by MarkAlain Dery, Contributor, Assistant Professor of Medicine, Section of Infectious Disease; Tulane University School of Medicine. Founder; 102.3 WHIV-LP FM, New Orleans.
A few weeks ago a colleague appeared on my radio show to talk about ‘stupid things doctors used to do. We looked at practices from a 1000 years ago to 20 years ago, and the hour we had dedicated was hardly enough time to get through it all. We ended the segment speculating what future doctors are going to think about current medical practice, and the repeal of the Affordable Care Act will likely lead their lists.
I have been reading many articles on the repeal of the ACA since the election of Donald Trump. Many of them are factually and technically interesting, from the cost savings of the ACA to the actual legislative maneuverings needed to repeal. I am however struck by the dearth of examination as to why are we not discussing that we are the only industrialized country in the world not providing a single payer healthcare system to its citizens.
In fact, why are we not discussing that health outcomes in the countries with single payer systems exceed ours; more so if we take into consideration lower income people of the US. Why are we not discussing that the health economic indicators from single payer systems outperform ours in a two-to-one manner. Why are we not talking about that the current healthcare system is built on profiting from the dis-ease of humans.
I once read that the business of America is business. From that context, I suppose it makes sense that the healthcare industrial complex would be built on profits. Medicare, a single payer system, operates on two cents on every dollar spent. In other words, for every dollar you pay into the system, you get back ninety-eight cents. In the private market place, insurers operate with a 15-to-20 cent to a dollar margin. In this case, for every dollar spent, you get back seventy-five to eighty cents.
Honestly speaking, which would you opt for? Would you rather get seventy cents for every dollar you spend? Or would you opt for the choice of getting ninety-eight cents to every one hundred cents you spent?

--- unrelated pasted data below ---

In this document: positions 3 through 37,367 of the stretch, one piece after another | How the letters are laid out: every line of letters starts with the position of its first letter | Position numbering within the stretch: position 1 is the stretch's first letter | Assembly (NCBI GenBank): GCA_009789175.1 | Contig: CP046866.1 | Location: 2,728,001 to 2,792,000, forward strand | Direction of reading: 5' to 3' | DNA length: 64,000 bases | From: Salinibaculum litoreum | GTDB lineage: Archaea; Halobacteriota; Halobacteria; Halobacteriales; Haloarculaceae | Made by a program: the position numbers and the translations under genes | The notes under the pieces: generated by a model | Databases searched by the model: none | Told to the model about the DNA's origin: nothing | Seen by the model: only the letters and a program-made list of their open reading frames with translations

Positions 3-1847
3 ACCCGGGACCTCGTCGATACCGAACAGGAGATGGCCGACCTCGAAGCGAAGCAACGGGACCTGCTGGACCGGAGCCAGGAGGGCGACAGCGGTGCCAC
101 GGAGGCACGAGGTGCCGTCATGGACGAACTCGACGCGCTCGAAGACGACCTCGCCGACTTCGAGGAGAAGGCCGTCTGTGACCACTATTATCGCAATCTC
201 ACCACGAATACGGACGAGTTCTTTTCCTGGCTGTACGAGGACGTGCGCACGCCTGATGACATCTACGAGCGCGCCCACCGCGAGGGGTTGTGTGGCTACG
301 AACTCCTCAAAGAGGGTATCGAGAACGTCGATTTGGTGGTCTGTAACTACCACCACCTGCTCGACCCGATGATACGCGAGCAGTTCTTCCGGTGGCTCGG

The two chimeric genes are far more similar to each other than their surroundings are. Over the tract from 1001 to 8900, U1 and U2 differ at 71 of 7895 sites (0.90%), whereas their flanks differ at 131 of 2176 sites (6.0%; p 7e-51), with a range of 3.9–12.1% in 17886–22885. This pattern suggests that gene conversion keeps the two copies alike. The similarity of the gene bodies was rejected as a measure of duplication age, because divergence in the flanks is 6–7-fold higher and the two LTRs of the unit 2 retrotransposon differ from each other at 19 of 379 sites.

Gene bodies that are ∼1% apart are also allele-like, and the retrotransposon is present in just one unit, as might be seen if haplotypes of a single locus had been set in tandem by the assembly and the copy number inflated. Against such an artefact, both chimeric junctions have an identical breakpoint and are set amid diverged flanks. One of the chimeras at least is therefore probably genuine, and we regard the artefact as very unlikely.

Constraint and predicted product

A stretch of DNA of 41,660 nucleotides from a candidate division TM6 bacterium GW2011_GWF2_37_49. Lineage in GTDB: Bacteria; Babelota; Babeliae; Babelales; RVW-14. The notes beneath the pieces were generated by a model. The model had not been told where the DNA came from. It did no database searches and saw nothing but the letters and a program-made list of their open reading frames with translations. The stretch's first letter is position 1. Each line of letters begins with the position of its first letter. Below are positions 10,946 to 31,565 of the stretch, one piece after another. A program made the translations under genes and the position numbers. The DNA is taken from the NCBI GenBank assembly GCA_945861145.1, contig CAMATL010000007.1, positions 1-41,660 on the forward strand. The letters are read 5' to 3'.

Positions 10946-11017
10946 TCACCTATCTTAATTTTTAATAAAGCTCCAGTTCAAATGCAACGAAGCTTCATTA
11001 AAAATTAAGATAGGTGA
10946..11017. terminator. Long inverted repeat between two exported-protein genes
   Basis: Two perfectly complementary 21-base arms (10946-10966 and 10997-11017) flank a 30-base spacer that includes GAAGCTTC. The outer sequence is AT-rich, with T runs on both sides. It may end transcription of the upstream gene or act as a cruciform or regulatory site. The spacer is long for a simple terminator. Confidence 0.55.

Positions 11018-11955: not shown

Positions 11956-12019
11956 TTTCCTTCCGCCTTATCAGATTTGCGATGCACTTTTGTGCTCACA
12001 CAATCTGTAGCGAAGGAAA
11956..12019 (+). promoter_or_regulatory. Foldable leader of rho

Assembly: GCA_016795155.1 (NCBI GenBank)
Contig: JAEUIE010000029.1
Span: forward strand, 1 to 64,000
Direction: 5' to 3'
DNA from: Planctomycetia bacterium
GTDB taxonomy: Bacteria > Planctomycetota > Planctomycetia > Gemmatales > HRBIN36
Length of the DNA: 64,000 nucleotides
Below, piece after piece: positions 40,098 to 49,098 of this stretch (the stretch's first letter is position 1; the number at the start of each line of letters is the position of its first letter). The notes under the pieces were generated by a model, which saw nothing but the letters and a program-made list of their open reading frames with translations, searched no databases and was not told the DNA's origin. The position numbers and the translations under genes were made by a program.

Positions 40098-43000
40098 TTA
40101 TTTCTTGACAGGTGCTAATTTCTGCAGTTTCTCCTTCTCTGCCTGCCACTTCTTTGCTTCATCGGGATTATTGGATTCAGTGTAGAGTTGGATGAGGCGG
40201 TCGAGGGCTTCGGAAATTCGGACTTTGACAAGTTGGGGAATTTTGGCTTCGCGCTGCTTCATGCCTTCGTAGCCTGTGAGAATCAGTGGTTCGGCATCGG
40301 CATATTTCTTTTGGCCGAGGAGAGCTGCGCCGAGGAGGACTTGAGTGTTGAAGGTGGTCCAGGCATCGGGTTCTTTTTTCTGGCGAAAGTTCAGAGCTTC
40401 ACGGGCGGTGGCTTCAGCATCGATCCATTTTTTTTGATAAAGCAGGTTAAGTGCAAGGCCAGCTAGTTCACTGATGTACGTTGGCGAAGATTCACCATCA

I anticipate that everyone will opt for getting more for their dollar than less.
The ACA brought the US health care system from utterly broken, to less utterly broken, with a cautiously optimistic promise to evolve into a single payer system. While not perfect, it did cut short the incomprehensible notion of a ‘pre-existing condition’. A pre-existing condition is a condition that you have now, but will be discriminated against in the future. And just like that last sentence doesn’t make sense, neither does the concept of a pre-existing condition.
In the for profit system of the US healthcare industrial complex, the pre-existing condition makes perfect sense. The private insurance company profits on the naked truth that humans are flawed (ie, pre-existing conditions) and charge more when they have to cover the treatment of your headaches because you have had them since you were in your twenties.
If there is ever a time to shift the conversation from the paltry benefits of the ACA to the munificent benefits of a single payer system, the time is now.
If there is ever a time to inform our fellow citizens that our international brothers and sisters pay less money and enjoy better health outcomes, the time is now.
If there is ever a time to point out that no other industrialized health care system is built on profits, the time is now.
As we bear witness to the repeal of the ACA, how can we can sit back and not acknowledge that we are fighting just so that we can keep the tiny morsels of a larger more comprehensive single payer health care system that will cover more people for less money, more effectively?
The reality of the situation is that no matter what kind of logic that is used, there is a fundamental suspension of biological truth that exists among the GOP. Or, more likely, there is the simple disregard for biological truth; you see, biological truth is merely an inconvenient truth for healthcare profits in the US healthcare industrial complex.
When physicians of the future look back at our healthcare system, I am certain that they will consider the repeal of the ACA an ill-fated mistake, and I hope they will spare us the indignities of being laughed at for our ineptitude.